2. Poor digestive function that results in yeast overgrowth, cravings and food aversions
  3. Social factors like power struggles and anxiety

In some cases, there is a fourth factor that has to do with oral motor control or phobias but those things often get a heck of a lot better once the three factors I listed are addressed.




Most People Take An Incomplete Approach

Most of what you'll read about resolving picky eating focuses on driving force #3.... your child is trying to assert some control, gain some power, engage in a battle that they can, honestly, usually win (unless you're ready to pin them down and force-feed them, which most of us will stop short of!)

This can be part of the picture for some kids. And if it is the "just keep offering, they'll eat when they're full" approach that is often recommended is likely to work just fine within a few weeks (or months) of you holding your ground.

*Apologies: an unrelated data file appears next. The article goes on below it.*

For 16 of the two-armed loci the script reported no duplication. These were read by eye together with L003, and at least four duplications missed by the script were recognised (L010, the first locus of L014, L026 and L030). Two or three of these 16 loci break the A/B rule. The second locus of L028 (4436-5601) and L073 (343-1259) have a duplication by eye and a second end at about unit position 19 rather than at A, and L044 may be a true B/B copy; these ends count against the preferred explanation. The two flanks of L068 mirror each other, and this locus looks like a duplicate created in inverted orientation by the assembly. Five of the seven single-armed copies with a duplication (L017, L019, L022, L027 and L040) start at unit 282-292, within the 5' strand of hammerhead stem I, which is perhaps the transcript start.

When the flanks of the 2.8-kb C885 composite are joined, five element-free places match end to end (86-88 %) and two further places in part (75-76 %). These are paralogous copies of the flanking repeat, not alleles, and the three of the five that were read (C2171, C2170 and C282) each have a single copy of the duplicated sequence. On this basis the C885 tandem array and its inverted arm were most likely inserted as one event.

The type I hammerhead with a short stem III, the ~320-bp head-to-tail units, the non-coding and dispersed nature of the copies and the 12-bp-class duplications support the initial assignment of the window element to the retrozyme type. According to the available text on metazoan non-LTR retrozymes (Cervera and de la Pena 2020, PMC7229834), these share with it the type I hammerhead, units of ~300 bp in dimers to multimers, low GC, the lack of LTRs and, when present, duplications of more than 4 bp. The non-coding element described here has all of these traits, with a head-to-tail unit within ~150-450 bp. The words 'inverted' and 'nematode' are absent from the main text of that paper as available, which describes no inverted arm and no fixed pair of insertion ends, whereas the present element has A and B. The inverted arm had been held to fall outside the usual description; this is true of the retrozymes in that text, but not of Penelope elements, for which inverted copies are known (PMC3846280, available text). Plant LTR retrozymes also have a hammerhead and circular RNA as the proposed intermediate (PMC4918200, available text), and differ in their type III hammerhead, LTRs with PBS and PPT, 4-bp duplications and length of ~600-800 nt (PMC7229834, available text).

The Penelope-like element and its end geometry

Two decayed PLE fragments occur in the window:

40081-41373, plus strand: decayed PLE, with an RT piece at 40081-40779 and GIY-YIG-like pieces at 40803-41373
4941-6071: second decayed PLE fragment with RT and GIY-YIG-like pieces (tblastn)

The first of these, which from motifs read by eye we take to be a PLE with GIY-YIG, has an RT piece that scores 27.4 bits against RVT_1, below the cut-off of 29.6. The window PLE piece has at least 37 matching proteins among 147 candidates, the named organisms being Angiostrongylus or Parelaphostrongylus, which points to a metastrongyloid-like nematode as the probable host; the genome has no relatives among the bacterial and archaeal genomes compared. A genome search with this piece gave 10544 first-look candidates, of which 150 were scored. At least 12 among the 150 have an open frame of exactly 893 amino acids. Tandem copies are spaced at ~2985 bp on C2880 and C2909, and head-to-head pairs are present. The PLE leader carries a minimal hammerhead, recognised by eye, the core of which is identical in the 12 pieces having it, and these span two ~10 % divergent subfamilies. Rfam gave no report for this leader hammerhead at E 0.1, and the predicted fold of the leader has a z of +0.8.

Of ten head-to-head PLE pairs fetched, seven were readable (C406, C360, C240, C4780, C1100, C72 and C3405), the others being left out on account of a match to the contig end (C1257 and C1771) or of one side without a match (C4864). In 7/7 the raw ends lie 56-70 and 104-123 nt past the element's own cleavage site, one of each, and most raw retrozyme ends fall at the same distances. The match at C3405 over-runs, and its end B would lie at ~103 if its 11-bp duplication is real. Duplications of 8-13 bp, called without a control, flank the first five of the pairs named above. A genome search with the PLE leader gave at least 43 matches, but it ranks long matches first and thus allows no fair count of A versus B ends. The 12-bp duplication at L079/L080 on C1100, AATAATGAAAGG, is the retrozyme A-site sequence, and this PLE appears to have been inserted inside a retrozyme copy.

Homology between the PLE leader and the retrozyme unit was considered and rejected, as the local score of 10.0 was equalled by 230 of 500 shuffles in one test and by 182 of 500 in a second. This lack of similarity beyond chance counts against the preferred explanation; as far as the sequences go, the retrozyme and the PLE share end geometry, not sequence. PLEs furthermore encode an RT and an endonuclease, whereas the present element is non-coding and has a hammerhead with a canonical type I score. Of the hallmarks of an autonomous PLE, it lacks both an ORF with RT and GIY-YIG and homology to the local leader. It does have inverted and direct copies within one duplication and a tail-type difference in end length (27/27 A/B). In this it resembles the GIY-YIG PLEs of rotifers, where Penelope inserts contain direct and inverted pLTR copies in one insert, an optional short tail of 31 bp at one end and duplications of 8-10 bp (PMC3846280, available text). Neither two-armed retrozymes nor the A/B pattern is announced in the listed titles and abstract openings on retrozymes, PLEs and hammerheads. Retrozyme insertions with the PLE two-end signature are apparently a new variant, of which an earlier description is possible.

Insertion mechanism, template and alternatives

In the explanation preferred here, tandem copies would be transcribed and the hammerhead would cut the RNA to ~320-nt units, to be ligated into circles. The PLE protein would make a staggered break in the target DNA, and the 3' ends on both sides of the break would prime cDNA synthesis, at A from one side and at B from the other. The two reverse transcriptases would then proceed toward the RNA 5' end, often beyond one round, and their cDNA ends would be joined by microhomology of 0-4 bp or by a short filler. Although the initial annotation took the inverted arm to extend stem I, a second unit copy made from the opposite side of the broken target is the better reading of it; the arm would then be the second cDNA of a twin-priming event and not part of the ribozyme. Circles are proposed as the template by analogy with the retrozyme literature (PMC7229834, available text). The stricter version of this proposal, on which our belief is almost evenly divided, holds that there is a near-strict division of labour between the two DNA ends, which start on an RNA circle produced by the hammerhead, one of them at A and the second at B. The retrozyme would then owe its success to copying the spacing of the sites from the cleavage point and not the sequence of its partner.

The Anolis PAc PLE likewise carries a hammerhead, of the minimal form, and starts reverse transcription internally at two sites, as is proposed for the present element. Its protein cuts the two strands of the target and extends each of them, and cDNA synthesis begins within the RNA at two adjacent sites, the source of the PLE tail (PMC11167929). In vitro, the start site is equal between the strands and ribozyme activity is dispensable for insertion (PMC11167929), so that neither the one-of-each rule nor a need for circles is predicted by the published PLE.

But if you've given that approach a good solid try (and I mean you've really stuck to it and have been consistent, the way I talk about doing in my book) and if that's still not working, there might be something else going on.

There might be biological contributors to your child's behavior... things going on deep inside that make them behave the way they're behaving.  



Top Nutrient Deficiencies That Can Contribute To Picky Eating:

In this blog post I want to talk about driving force #1 on the list – nutrient deficiencies - that reduce appetite, hunger and influence our senses. 

==> You can learn about the other two in this handy-dandy info graphic.